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Open AccessArticle

Differences between Female and Male Inmates in Animal Assisted Therapy (AAT) in Austria: Do We Need Treatment Programs Specific to the Needs of Females in AAT?

1
Psychological Outpatient Clinic, Sigmund Freud University Vienna, 1020 Vienna, Austria
2
Faculty of Psychology, Sigmund Freud University Vienna, 1020 Vienna, Austria
*
Author to whom correspondence should be addressed.
Animals 2020, 10(2), 244; https://doi.org/10.3390/ani10020244
Received: 18 November 2019 / Revised: 27 January 2020 / Accepted: 31 January 2020 / Published: 4 February 2020
(This article belongs to the Special Issue Animal Assisted Therapies and Interventions 2019)
So far, many studies in the field of animal assisted therapies (AAT) show promising results in several areas for male and female participants. A newer study has found auspicious results for the target group of female inmates in 2013, which prompted our literature research and an additional gender and sex related evaluation of especially selected intervention data collected over a time period of ten years in specialized institutions with criminal offenders suffering from substance dependence syndrome. We found in our analysis that although male and female participants benefit both from the dog assisted group therapy (MTI), female drug dependent criminal offenders benefit less, especially regarding skills connected with emotions. Although practice and research in the area of AAT is booming and most studies promise positive results for a large variety of people, research has to focus on who benefits from which kind of intervention, what intensities and numbers of sessions are needed, and what prerequisites need to be met to allow benefits for all beings involved.
With the growth of female inmates worldwide, research regarding specific treatment of these has become more important. Although new programs have been started, the lack of scientific results is startling. The goal of the current study was to identify differences between participants from the men’s and women’s section in a specialized prison for criminal offenders suffering from substance dependence syndrome regarding the effects of dog-assisted group therapy. Therefore, 81 incarcerated participants (50 male, 31 female) took part in a dog-assisted group therapy targeting socio-emotional competencies. Self-report questionnaires to measure self-concept (SDQ-III), emotional status (EMI-B) and emotional competencies (SEE) were employed. Statistical analysis included General Linear Model (GLM) procedures and η2 as concurrent effect size measure. Results demonstrate that participants from the women’s ward tend to benefit significantly less from the dog-assisted group therapy in most measured areas than men, especially in terms of their emotional status (e.g., aggressiveness) and emotional competencies (e.g., emotion regulation). Treatment programs specific to the needs of women might be a future challenge for practitioners and researchers in AAT. View Full-Text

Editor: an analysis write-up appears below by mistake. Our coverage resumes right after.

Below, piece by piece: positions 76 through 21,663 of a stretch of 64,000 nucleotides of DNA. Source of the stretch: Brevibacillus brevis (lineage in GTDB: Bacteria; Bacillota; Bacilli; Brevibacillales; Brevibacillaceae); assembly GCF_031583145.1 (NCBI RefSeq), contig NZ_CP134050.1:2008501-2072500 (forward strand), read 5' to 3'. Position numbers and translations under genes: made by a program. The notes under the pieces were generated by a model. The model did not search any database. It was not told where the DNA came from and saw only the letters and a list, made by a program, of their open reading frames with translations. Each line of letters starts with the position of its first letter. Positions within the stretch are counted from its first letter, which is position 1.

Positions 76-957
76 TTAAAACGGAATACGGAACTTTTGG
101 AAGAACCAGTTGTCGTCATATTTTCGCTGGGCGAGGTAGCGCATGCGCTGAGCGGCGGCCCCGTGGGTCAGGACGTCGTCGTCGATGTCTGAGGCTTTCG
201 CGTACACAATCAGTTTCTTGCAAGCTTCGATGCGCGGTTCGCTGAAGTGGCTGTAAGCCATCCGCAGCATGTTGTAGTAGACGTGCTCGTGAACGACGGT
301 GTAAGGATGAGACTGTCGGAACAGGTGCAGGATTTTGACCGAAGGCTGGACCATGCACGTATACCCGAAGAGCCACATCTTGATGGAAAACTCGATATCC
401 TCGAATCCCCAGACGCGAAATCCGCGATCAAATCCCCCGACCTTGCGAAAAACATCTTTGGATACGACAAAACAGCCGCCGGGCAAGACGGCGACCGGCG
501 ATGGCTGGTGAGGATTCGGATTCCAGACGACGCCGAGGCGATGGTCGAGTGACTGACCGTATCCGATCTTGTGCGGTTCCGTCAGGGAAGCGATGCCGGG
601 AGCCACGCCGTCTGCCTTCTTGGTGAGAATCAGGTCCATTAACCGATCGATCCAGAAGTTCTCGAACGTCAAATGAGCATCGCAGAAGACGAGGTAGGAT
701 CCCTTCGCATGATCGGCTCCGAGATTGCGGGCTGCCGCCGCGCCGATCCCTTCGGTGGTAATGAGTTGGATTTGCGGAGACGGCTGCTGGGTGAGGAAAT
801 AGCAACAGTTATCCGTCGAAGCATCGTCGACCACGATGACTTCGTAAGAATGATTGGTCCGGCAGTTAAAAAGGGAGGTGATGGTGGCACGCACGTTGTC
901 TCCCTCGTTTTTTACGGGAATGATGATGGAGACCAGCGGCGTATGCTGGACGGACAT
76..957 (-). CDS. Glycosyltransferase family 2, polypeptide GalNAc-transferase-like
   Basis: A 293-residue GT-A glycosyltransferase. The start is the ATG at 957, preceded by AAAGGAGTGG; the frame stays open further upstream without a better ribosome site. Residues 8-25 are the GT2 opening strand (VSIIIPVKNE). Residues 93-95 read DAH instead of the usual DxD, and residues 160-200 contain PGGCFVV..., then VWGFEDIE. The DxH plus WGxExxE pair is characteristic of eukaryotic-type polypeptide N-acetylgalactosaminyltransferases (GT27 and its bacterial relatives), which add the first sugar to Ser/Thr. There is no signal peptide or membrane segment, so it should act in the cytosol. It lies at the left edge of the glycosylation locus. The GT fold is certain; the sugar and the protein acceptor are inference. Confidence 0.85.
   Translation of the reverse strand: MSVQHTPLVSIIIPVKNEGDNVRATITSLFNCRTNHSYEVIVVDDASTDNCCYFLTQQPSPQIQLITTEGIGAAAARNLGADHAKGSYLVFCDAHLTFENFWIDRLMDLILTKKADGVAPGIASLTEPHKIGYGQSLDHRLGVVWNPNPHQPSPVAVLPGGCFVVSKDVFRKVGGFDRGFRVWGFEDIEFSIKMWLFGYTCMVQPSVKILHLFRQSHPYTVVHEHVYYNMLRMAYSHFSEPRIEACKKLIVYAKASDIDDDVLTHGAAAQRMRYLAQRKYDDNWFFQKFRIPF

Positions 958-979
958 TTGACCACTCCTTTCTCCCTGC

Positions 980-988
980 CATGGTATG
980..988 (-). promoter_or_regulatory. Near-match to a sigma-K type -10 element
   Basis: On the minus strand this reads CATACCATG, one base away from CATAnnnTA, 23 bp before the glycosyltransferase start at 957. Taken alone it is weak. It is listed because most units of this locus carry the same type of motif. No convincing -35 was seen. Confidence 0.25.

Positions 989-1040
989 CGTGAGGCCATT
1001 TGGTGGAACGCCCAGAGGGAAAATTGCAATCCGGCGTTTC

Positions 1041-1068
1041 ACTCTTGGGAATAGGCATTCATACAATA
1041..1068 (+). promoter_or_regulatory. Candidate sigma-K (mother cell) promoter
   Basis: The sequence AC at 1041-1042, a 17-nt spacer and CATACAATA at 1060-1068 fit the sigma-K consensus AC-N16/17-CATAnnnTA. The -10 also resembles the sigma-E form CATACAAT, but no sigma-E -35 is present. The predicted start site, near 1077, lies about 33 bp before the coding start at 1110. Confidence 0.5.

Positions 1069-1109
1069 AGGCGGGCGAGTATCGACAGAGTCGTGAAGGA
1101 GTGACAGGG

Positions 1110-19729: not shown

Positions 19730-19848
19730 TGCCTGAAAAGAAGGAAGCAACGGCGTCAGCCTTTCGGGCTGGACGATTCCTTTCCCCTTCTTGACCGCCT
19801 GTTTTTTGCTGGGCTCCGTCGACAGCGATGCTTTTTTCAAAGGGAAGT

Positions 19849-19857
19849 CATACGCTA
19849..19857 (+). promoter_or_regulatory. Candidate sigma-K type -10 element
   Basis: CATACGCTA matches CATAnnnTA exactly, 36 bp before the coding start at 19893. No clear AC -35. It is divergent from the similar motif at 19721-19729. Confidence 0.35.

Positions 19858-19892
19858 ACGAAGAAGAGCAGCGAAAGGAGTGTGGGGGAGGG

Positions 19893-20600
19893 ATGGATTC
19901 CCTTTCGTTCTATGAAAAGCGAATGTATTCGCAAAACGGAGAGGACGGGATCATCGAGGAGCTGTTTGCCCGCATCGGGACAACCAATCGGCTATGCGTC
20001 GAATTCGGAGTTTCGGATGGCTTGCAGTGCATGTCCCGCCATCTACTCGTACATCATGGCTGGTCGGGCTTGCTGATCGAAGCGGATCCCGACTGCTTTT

Keywords: gender-differences; prison; animal-assisted therapy; gender-sensitive treatment; criminal offenders; substance dependency syndrome gender-differences; prison; animal-assisted therapy; gender-sensitive treatment; criminal offenders; substance dependency syndrome
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Stetina, B.U.; Krouzecky, C.; Emmett, L.; Klaps, A.; Ruck, N.; Kovacovsky, Z.; Bunina, A.; Aden, J. Differences between Female and Male Inmates in Animal Assisted Therapy (AAT) in Austria: Do We Need Treatment Programs Specific to the Needs of Females in AAT? Animals 2020, 10, 244.

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